• Thrill watchers typically have both high empathy and sensation seeking;they identify themselves more with the victims and like the suspense of the film.
  • Independent watchers typically have a high empathy for the victim along with a high positive effect for overcoming fear.
  • Problem watchers typically have high empathy for the victim but are characterized by negative effect (particularly a sense of helplessness).
Theories on why we love to watch horror films
  • Dr. Carl Jung believed horror films “tapped into primordial archetypes buried deep in our collective subconscious – images like shadow and mother play important role in the horror genre”.
  • Horror films are watched as a way of purging negative emotions and/or as a way to relieve pent-up aggression.
  • Horror movies are enjoyed because the people on screen getting killed deserve it.
  • Cultural historian David Skal has argued that horror films simply reflect our societal fears.
The 'dark factor'

A love of horror movies is associated with an underlying dimension of entertainment preferences, dubbed "the dark factor".

Those with dark tastes value intensity, edginess and rebellion. Thei...

The pleasure paradox

Some derive enjoyment from negative emotional states, as when enjoying a "good cry", for instance.

A study found that people who liked sad films enjoyed a scene relative to how much sadness it elicited. The stronger the sadness, the higher the enjoyment.

Trick or treat

Halloween seems to bring out excesses in costumed children and adults.

Several studies revealed that costumed children who were anonymous — by wearing masks for instance — were more likely to take extra candies. In adults, costumed Halloween celebrators tend to have higher blood alcohol readings than people in plain clothes.

Face and Embrace Your Impermanence

Make room in this season to turn inward and become still.

Are you overcoming your fears and go after your dreams? When we can acknowledge your impermanence without letting feelings tak...

Face and Embrace Your Inner Demons

Try to identify areas in your life that make you feel all rigid inside, ashamed, judgmental or angry. Under rigidities is where your inner demons hide and when you look them straight in the eye, they tend to disappear.

Humor during a crisis

For ancient Greek philosophers, humor was something that had the potential to undermine authority and the good order.

Today, in democratic societies, those in power are mocked and their p...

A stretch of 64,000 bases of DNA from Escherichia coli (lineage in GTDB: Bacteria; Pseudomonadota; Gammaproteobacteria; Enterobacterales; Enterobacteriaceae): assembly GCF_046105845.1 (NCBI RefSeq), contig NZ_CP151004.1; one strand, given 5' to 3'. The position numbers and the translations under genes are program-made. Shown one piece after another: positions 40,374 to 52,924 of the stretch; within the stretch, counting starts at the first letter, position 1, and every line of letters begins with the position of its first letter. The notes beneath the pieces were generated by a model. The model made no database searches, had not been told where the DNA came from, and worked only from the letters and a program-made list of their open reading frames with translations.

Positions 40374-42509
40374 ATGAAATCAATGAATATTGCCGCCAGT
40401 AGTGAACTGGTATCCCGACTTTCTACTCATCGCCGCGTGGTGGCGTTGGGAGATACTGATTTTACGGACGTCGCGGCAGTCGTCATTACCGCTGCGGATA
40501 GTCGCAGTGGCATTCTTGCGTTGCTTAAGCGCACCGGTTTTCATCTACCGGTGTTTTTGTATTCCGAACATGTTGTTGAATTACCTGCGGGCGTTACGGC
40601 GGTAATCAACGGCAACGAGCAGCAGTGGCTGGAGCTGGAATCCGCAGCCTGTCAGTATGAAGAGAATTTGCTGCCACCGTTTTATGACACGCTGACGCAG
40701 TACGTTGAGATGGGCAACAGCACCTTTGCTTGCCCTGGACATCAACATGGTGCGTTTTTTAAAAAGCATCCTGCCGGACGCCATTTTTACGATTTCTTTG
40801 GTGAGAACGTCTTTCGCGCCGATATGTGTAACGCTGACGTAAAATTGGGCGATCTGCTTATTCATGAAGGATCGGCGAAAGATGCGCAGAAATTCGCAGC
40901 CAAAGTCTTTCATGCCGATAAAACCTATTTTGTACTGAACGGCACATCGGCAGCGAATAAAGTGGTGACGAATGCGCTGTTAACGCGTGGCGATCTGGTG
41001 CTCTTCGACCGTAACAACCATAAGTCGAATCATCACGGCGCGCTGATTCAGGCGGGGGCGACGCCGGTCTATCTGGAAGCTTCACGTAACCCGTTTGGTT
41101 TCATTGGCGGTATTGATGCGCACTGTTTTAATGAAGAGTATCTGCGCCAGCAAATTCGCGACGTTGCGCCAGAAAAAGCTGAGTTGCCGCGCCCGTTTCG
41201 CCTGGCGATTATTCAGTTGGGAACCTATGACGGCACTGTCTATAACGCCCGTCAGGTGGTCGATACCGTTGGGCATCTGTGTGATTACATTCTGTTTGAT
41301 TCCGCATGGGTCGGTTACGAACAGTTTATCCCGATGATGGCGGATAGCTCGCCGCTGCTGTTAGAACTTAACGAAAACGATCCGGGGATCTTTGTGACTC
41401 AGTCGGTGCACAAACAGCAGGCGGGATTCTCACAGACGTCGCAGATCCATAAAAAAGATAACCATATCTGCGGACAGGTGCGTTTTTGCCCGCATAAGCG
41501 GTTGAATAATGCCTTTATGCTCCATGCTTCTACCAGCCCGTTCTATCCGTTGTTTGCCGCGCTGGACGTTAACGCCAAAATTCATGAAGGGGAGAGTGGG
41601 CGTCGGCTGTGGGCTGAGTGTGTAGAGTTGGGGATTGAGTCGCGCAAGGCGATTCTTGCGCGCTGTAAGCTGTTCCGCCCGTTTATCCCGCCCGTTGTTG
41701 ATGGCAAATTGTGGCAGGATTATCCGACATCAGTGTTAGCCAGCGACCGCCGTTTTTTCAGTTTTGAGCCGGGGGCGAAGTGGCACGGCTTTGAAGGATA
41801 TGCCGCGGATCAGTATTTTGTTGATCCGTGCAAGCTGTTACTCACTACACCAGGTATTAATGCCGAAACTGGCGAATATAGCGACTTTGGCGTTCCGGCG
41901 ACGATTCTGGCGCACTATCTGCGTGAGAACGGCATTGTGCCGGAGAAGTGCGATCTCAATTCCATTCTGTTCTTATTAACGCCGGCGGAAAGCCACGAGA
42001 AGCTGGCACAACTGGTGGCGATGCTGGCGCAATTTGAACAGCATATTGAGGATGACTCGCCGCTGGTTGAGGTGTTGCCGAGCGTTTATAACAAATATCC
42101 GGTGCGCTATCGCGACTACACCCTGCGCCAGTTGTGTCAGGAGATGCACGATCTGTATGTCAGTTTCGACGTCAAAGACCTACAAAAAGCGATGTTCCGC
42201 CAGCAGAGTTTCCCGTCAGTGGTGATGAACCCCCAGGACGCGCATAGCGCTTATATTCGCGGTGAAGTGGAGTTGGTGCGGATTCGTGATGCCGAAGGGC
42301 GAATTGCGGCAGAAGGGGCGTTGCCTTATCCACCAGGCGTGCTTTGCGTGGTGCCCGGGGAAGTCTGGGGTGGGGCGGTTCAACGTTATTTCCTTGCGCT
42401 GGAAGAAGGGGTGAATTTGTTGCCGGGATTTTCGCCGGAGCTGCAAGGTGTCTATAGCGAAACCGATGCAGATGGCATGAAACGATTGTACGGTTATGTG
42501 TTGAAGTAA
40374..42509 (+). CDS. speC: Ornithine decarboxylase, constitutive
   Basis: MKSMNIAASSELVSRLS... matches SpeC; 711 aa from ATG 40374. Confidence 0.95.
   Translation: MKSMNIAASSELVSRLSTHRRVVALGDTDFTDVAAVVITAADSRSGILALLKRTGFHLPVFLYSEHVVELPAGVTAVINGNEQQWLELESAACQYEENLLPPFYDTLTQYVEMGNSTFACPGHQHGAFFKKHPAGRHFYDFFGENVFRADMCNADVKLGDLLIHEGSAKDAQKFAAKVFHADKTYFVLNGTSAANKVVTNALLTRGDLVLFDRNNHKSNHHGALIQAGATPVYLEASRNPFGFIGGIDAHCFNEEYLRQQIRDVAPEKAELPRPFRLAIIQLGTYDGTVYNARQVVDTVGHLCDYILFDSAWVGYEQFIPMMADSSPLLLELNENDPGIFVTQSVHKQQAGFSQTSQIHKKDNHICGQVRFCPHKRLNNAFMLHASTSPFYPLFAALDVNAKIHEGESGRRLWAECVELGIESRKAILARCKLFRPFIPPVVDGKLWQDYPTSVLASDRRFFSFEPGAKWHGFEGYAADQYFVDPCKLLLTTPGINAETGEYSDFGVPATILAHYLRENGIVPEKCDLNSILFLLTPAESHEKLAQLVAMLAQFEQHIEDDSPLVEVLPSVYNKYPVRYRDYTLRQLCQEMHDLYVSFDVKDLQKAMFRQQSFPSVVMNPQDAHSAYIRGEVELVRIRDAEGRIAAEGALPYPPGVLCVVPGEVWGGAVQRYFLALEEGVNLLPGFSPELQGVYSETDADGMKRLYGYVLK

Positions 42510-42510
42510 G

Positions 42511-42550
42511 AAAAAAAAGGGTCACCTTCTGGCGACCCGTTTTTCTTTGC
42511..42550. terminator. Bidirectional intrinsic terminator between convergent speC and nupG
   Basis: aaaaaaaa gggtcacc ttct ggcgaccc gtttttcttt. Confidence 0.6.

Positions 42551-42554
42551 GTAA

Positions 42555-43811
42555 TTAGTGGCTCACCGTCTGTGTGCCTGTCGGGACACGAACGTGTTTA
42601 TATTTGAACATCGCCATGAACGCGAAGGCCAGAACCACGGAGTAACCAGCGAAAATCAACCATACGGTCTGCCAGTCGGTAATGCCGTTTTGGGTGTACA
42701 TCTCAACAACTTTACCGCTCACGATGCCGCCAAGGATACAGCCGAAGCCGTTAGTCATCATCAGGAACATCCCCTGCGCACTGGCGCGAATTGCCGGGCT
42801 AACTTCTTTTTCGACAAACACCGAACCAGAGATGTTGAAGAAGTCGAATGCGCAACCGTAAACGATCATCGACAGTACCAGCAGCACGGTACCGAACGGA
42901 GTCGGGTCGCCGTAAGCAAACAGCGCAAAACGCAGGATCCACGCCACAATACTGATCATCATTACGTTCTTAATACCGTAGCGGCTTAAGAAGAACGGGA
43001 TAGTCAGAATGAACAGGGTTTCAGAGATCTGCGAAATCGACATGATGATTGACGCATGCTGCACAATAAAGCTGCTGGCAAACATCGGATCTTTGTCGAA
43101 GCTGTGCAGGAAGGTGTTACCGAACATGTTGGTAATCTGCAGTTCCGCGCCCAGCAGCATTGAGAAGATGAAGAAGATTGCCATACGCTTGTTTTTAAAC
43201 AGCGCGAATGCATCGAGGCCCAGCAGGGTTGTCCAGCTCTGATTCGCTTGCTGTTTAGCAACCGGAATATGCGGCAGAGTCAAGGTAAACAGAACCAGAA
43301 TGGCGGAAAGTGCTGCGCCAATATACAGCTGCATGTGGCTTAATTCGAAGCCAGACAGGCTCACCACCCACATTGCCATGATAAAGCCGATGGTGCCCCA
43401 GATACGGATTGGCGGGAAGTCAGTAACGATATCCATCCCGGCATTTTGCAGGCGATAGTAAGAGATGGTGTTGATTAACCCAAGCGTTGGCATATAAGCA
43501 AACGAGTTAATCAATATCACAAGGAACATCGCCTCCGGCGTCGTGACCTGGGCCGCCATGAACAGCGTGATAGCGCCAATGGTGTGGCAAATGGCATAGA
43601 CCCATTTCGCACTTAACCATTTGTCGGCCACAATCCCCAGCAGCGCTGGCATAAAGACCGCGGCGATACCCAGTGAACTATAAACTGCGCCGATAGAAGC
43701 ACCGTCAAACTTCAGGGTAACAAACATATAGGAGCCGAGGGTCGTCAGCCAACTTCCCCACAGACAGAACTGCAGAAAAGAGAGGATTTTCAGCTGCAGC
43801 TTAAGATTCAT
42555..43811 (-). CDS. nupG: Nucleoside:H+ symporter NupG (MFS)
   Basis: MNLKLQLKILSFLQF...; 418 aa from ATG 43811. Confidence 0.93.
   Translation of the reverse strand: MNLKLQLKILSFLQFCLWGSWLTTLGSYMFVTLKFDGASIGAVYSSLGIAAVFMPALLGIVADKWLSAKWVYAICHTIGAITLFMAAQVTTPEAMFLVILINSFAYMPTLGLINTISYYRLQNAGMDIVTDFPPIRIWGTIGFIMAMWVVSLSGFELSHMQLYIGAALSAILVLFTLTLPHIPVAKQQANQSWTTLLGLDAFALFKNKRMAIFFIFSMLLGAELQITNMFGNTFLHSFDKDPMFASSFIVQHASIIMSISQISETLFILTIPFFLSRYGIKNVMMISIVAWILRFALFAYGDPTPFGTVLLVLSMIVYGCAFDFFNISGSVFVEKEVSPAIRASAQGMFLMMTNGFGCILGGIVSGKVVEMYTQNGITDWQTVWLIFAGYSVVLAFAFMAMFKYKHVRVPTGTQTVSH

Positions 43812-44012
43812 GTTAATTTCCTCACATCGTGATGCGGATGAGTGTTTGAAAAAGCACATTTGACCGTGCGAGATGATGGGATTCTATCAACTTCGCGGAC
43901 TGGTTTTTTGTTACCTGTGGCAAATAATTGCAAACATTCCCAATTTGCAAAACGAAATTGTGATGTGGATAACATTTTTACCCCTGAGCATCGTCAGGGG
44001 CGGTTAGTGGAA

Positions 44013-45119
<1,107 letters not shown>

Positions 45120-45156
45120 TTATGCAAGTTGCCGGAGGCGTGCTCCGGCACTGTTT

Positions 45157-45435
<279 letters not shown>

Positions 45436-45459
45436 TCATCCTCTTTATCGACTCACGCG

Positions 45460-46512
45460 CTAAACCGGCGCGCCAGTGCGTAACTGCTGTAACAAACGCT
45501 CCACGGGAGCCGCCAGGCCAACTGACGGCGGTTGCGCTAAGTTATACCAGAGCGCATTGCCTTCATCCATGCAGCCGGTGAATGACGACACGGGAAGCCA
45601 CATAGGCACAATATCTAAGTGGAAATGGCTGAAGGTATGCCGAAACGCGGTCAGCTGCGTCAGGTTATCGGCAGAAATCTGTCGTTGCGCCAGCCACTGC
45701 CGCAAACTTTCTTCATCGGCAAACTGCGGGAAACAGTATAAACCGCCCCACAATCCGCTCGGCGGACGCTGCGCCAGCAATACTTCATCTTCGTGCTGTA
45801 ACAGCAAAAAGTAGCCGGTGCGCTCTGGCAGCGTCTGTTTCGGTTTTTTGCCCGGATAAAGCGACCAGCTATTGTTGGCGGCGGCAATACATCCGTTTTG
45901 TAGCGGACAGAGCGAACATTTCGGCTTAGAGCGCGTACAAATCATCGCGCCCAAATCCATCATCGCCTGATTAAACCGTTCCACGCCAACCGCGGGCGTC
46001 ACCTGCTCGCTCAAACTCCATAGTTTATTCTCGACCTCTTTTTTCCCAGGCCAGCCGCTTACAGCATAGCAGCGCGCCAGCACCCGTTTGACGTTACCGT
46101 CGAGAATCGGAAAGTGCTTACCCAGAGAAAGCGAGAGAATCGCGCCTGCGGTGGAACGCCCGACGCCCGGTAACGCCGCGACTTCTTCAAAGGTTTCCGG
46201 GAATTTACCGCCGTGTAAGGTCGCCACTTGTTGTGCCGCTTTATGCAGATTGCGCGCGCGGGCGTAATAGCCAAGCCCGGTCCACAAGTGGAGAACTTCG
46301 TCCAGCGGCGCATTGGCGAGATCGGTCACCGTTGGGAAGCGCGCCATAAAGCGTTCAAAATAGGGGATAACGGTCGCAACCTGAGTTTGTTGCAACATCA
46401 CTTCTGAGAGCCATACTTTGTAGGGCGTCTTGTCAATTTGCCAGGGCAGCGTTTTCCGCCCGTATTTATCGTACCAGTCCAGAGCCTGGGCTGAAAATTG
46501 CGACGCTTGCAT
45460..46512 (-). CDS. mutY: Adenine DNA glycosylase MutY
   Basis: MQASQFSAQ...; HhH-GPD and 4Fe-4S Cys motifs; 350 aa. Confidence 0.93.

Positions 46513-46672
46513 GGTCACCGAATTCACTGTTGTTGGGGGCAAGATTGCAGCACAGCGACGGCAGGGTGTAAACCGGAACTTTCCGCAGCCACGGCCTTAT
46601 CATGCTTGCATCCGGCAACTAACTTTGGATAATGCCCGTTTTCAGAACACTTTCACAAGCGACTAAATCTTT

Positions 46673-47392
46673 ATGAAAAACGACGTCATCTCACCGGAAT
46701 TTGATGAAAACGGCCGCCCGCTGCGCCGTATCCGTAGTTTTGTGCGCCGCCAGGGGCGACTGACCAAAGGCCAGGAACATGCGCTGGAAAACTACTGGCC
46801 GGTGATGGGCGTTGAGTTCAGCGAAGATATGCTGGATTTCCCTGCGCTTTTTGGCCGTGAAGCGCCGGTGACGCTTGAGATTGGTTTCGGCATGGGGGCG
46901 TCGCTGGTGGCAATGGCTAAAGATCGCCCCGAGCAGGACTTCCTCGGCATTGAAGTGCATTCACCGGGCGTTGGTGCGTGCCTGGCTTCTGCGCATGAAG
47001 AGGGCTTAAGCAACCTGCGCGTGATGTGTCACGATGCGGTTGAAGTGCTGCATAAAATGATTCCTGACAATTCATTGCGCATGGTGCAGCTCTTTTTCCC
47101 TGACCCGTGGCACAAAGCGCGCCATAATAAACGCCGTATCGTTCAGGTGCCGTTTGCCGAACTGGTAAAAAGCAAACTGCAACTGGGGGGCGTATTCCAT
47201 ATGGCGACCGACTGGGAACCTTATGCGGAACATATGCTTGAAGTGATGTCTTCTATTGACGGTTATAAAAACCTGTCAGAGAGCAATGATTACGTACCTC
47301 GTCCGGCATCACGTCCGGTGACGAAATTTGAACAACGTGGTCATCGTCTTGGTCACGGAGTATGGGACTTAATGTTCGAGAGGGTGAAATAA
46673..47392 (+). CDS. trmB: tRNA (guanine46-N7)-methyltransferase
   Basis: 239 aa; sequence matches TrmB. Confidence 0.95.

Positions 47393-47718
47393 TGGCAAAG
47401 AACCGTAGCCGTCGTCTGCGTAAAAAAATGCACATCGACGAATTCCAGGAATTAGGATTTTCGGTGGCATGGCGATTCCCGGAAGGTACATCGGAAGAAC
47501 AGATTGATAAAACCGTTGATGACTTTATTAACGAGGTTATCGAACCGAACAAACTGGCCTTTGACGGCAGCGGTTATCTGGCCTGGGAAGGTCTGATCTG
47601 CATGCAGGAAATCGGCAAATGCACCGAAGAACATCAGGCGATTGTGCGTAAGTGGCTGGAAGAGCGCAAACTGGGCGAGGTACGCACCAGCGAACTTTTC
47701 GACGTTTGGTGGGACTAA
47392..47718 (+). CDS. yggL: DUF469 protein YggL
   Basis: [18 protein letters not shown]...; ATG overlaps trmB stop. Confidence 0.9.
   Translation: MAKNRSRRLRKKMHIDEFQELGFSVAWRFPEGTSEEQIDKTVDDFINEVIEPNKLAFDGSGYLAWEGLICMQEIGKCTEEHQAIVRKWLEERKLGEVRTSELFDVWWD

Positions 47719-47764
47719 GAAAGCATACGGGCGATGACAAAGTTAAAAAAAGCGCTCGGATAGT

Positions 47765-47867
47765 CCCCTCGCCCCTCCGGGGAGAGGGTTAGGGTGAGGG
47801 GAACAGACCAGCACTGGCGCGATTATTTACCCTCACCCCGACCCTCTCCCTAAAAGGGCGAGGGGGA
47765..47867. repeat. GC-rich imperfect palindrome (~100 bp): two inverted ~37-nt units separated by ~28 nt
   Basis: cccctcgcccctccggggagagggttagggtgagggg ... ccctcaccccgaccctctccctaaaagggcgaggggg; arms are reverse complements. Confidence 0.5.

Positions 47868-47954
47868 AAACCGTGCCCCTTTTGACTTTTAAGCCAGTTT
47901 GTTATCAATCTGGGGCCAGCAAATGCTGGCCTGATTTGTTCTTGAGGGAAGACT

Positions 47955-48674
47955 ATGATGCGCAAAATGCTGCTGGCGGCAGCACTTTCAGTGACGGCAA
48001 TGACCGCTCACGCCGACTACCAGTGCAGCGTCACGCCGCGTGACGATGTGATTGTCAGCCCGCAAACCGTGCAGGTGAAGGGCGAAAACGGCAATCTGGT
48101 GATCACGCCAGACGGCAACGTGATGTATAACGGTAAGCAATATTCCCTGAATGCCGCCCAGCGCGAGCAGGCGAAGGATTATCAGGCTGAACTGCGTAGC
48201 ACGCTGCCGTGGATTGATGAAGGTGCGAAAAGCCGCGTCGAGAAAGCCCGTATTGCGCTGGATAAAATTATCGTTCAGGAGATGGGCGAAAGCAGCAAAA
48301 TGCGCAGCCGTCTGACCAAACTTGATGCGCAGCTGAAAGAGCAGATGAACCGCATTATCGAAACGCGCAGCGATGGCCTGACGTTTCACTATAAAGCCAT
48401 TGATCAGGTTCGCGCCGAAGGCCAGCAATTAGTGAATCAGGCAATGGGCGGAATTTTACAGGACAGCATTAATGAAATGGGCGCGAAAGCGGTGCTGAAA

The power of laughter
  • Humor, in a way, protects us from life's grim reality. We joke because if we didn't, we'd cry.
  • Humor and laughing are also a social vocalization that includes some and excludes others. Jokes establish who is inside the group and who is not. We laugh with people to belong, and at others to exclude.
  • In our current crises, humor is everywhere because fear is too. Laughter binds us together against a common enemy.
When to joke

Poking fun at the ills of the world is only funny if they are considered benign. No one is making memes about child abuse that may increase during periods of enforced domestic isolation.

Observations about people's behavior can be funny if they poke fun at a social norm in a relatively inoffensive way, such as hoarding toilet paper.

Ancient Origins of Halloween

Halloween’s origins date back to the ancient Celtic festival of Samhain, in the area that is now Ireland.  On the night of October 31 they celebrated Samhain, when it was believed that the gho...

All Saints' Day
  • On May 13, 609 A.D., Pope Boniface IV dedicated the Pantheon in Rome in honor of all Christian martyrs and the Catholic feast of All Martyrs Day was established. Pope Gregory III later expanded the festival and moved the observance from May 13 to November 1.
  • The influence of Christianity spread into Celtic lands, where it gradually blended with and supplanted older Celtic rites. In 1000 A.D., the church made November 2 All Souls’ Day, a day to honor the dead. It was probably done to replace the Celtic festival.
  • All Souls’ Day was celebrated similarly to Samhain, with big bonfires, parades and dressing up in costumes as saints, angels and devils. The All Saints’ Day celebration was also called All-hallows or All-hallowmas, and eventually, Halloween.
Halloween Comes to America

The celebration of Halloween was limited in colonial New England, but as the beliefs and customs of different European ethnic groups and the American Indians meshed, a distinctly American version of Halloween began to emerge.

In the second half of the nineteenth century, America was flooded with Irish immigrants, fleeing the Irish Potato Famine. This helped to popularize the celebration of Halloween nationally.

3 more ideas